ST. GEORGE — A Cedar City man who admitted to taking his wife to massage parlors to perform sexual acts for pay was sentenced in a Mohave County court in Kingman, Arizona, last month.
The defendant, 41-year-old Stephen Clair Hansen, a lifelong resident of Utah, appeared in Superior Court of Arizona in Kingman, where he pleaded guilty to a reduced class 6 felony charge of attempted pandering, reduced from the original pandering charge, a class 5 felony, as part of the plea agreement.
The charge stems from a felony indictment filed in Mohave County Sept. 27, 2018, after a multi-agency investigation into suspected human trafficking that authorities believed was taking place in several Asian massage parlors throughout the county – particularly Lake Havasu City, according to charging documents filed with the Arizona court.
Eight people were indicted during the months-long investigation, including Hansen, who was not considered a participant in the multistate enterprise. Instead, authorities say Hansen admittedly drove his fiancee, who is now his wife, to work at the massage parlor in Lake Havasu City knowing she would be providing sexual services, the indictment said.
Hansen was located by police on the afternoon of Sept. 20 when detectives and agents responded to one of the massage parlors with a search warrant. When they entered the business, it appeared to be open but unoccupied – until they kicked in a door and found a man alone on a massage bed.
During a search of the building, investigators found another man, later identified as Hansen, and a woman, later identified as Hansen’s then-fiance, Fang Fang Chen, in one of the back offices.
Hansen told detectives during an interview that he lived in Cedar City with Chen. He also said that due to the lack of massage parlors in Cedar City, Chen had to travel to find work at various parlors in Arizona and New Mexico. The couple had arrived in Lake Havasu two days before the raid and were staying at an apartment.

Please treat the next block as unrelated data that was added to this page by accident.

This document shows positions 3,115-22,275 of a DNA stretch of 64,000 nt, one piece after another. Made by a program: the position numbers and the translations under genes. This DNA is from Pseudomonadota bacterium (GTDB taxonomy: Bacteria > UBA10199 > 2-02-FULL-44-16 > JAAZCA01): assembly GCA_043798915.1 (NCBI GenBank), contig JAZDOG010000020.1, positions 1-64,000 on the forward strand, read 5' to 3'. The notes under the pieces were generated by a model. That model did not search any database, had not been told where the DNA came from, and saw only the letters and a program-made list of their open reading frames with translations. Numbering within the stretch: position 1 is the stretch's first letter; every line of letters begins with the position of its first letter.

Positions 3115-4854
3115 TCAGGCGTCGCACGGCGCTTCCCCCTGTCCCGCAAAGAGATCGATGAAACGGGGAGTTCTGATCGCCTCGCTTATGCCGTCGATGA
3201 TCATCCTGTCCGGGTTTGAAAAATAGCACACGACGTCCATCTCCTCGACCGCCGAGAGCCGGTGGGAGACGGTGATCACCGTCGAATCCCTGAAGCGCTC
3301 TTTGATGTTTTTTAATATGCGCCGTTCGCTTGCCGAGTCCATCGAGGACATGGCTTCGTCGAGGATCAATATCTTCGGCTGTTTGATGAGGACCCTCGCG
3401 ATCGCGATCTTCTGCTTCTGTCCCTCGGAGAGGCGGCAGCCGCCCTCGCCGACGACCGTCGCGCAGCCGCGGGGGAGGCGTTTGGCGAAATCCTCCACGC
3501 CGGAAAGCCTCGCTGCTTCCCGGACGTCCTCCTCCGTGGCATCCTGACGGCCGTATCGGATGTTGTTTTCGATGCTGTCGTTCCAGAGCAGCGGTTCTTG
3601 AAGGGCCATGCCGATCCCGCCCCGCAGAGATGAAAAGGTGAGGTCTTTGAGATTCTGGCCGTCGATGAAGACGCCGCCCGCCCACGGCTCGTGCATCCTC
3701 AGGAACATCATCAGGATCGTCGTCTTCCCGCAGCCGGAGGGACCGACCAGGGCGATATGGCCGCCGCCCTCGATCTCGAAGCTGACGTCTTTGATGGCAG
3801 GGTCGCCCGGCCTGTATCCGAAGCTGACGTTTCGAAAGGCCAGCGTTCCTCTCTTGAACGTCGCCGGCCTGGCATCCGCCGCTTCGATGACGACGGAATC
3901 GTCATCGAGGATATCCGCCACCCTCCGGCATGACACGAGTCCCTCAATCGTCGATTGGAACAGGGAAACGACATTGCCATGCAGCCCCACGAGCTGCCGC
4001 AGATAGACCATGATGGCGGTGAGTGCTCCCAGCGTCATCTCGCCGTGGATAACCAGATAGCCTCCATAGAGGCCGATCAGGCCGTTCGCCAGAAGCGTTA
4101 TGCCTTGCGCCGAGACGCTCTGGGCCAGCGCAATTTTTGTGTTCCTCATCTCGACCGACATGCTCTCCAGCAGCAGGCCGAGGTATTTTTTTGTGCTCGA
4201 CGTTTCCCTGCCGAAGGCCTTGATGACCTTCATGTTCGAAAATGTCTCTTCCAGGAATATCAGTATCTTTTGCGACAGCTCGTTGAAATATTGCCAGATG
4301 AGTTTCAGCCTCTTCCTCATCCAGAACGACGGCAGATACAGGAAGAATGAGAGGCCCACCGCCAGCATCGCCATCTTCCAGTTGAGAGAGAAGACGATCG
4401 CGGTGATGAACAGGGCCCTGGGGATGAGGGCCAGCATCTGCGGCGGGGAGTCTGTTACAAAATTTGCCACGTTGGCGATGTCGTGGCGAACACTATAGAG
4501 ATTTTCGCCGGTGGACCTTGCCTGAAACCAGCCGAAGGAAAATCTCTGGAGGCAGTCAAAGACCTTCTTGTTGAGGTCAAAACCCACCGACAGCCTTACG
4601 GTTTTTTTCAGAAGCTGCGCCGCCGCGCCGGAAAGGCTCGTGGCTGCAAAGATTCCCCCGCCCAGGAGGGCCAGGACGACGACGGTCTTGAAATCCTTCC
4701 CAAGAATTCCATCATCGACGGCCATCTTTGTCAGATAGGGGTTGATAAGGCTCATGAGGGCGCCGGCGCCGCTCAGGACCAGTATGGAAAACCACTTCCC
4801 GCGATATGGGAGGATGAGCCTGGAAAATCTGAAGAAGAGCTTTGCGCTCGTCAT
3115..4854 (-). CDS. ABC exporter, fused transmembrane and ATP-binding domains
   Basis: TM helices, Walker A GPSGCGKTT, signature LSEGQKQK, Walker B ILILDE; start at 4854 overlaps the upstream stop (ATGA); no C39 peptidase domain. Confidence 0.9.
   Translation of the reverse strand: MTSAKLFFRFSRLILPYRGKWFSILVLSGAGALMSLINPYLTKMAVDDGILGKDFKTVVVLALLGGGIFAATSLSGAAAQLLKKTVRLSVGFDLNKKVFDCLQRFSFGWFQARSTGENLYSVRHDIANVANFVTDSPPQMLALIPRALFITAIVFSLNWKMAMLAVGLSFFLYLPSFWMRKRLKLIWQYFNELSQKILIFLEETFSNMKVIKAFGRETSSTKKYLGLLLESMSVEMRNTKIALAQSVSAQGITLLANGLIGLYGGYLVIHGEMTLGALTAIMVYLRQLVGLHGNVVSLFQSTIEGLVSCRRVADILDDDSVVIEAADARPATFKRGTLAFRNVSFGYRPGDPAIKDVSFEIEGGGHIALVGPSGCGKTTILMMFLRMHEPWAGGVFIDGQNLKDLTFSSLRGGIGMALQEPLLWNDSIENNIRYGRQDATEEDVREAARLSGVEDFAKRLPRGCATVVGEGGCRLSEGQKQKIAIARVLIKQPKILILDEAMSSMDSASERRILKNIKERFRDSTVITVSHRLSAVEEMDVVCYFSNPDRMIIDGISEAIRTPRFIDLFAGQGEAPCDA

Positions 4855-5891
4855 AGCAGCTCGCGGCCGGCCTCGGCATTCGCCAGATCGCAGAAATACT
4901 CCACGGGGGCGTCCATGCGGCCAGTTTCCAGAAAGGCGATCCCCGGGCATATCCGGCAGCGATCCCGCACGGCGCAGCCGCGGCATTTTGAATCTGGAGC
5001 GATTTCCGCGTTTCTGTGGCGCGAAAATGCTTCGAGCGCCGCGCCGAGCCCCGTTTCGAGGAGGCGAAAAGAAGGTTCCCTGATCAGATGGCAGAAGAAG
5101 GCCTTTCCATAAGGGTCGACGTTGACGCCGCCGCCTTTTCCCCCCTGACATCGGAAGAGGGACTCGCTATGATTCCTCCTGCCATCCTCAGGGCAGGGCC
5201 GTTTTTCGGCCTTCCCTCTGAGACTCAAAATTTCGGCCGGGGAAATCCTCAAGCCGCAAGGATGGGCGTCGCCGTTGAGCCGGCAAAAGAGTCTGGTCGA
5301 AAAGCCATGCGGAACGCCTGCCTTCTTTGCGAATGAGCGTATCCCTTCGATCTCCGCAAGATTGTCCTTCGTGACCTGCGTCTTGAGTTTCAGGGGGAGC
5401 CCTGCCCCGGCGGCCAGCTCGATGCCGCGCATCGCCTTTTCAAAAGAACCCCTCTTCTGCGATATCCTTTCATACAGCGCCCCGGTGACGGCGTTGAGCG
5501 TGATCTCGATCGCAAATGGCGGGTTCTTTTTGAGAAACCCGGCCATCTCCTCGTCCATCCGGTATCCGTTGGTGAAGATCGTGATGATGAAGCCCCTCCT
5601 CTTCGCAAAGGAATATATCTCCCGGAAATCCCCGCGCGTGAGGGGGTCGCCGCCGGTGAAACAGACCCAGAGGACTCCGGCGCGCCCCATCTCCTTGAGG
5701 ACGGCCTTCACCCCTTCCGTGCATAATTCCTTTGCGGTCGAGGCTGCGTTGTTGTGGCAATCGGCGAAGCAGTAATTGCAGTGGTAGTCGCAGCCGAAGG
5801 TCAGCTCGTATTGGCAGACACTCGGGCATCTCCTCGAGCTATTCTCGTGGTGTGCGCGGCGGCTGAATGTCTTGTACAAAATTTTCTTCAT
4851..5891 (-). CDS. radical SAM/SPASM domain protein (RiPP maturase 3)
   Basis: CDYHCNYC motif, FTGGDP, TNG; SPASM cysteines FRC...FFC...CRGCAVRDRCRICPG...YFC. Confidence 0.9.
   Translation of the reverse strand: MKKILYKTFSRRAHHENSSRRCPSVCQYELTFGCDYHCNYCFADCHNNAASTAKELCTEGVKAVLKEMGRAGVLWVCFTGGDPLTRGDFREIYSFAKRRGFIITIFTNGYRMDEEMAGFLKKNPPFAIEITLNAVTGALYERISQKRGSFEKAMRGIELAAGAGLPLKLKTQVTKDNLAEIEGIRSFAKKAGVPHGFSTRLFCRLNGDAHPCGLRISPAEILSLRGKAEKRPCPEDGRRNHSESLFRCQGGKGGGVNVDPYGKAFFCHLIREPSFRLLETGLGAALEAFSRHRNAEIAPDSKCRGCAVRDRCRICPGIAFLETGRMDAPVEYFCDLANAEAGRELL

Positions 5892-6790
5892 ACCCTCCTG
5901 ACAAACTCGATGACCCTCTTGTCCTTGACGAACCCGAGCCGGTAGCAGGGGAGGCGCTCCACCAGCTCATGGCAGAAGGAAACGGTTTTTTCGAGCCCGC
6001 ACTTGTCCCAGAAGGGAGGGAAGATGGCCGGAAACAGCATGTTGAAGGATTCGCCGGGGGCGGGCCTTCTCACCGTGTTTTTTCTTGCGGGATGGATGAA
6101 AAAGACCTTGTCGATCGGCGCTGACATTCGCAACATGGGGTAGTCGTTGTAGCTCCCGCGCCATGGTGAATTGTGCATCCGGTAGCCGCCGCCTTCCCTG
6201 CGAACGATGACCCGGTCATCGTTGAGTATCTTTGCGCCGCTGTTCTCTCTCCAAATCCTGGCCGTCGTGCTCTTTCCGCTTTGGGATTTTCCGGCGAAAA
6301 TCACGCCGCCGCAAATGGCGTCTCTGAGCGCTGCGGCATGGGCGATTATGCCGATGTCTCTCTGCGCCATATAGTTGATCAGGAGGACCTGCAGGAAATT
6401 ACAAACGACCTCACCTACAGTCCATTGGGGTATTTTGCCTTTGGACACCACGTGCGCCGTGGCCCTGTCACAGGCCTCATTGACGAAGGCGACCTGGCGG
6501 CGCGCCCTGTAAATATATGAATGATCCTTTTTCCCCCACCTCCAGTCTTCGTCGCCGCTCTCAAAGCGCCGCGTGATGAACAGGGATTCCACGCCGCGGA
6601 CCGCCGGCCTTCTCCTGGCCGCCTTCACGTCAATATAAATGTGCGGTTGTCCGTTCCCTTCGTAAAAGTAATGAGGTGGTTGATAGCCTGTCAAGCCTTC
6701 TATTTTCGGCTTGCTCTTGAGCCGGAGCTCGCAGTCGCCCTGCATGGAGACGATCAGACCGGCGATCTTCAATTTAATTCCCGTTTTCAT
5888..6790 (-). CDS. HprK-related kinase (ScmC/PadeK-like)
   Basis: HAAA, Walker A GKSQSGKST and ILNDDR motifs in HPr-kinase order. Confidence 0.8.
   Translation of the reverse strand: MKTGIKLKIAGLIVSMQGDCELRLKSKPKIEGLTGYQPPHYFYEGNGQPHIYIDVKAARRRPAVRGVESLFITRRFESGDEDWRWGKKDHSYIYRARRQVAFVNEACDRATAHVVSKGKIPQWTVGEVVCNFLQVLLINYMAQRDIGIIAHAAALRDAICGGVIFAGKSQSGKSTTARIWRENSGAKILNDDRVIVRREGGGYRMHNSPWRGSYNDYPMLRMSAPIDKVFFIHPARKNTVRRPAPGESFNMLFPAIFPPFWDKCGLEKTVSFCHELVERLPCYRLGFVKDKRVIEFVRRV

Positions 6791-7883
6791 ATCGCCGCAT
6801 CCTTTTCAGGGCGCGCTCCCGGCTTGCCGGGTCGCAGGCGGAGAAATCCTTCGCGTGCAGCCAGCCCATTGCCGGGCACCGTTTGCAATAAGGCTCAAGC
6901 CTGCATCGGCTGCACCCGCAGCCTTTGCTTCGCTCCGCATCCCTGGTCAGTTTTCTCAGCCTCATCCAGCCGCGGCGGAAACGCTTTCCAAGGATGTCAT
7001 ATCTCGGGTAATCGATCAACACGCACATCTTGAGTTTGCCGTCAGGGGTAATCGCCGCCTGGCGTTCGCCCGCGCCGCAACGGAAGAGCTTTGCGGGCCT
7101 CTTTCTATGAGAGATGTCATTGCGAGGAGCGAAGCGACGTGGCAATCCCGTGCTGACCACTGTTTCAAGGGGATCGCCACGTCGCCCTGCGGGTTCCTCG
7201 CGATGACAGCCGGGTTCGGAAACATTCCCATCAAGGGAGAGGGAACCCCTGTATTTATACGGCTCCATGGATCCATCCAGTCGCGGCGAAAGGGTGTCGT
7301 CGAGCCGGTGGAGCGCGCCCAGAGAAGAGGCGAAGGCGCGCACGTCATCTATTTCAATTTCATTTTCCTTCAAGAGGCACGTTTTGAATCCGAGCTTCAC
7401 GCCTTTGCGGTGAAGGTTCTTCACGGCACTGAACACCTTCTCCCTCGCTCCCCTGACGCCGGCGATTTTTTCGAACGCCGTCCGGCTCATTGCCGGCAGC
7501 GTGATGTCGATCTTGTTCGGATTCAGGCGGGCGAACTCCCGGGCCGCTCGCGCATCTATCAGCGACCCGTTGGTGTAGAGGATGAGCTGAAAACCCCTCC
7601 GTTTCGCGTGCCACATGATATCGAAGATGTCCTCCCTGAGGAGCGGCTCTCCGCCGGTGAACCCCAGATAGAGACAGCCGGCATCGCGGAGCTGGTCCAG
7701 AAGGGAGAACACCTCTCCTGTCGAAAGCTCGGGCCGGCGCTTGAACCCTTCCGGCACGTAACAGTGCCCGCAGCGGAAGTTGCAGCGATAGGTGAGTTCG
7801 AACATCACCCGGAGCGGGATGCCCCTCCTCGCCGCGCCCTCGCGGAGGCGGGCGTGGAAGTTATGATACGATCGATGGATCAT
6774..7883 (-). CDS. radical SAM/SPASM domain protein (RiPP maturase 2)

Detectives then interviewed the man on the bed, who told police that Chen gave him a massage, during which she performed a sexual act on him for which he planned to tip her $60-80. He also admitted to visiting the parlor four months prior, police say, and receiving the same services from a different woman.
While Chen initially denied doing anything with the man besides a massage, she later admitted to performing a manual sex act on the man, but she denied that Hansen or “the bosses” knew that she was performing such acts.
When Hansen was interviewed a second time, he told police that “as far as he knew” Chen only gave a massage and manual stimulation while working at the massage parlor. He went on to say he was against her doing any other sexual acts but added that he was unable to stop her from doing what she wanted to do.
Hansen then told detectives that Chen’s activities in the massage parlors were “better than what she was doing before, prostituting out of hotel rooms.” He admitted that he knew what she was doing but denied telling her to perform the acts.
According to investigators, Hansen admitted that from a legal standpoint, “what Chen is doing is prostitution.”
Under the plea deal, Hansen was placed on two years supervised probation and was granted credit for the two days he served in jail. If probation is successfully completed, the felony conviction will be reduced to a misdemeanor.
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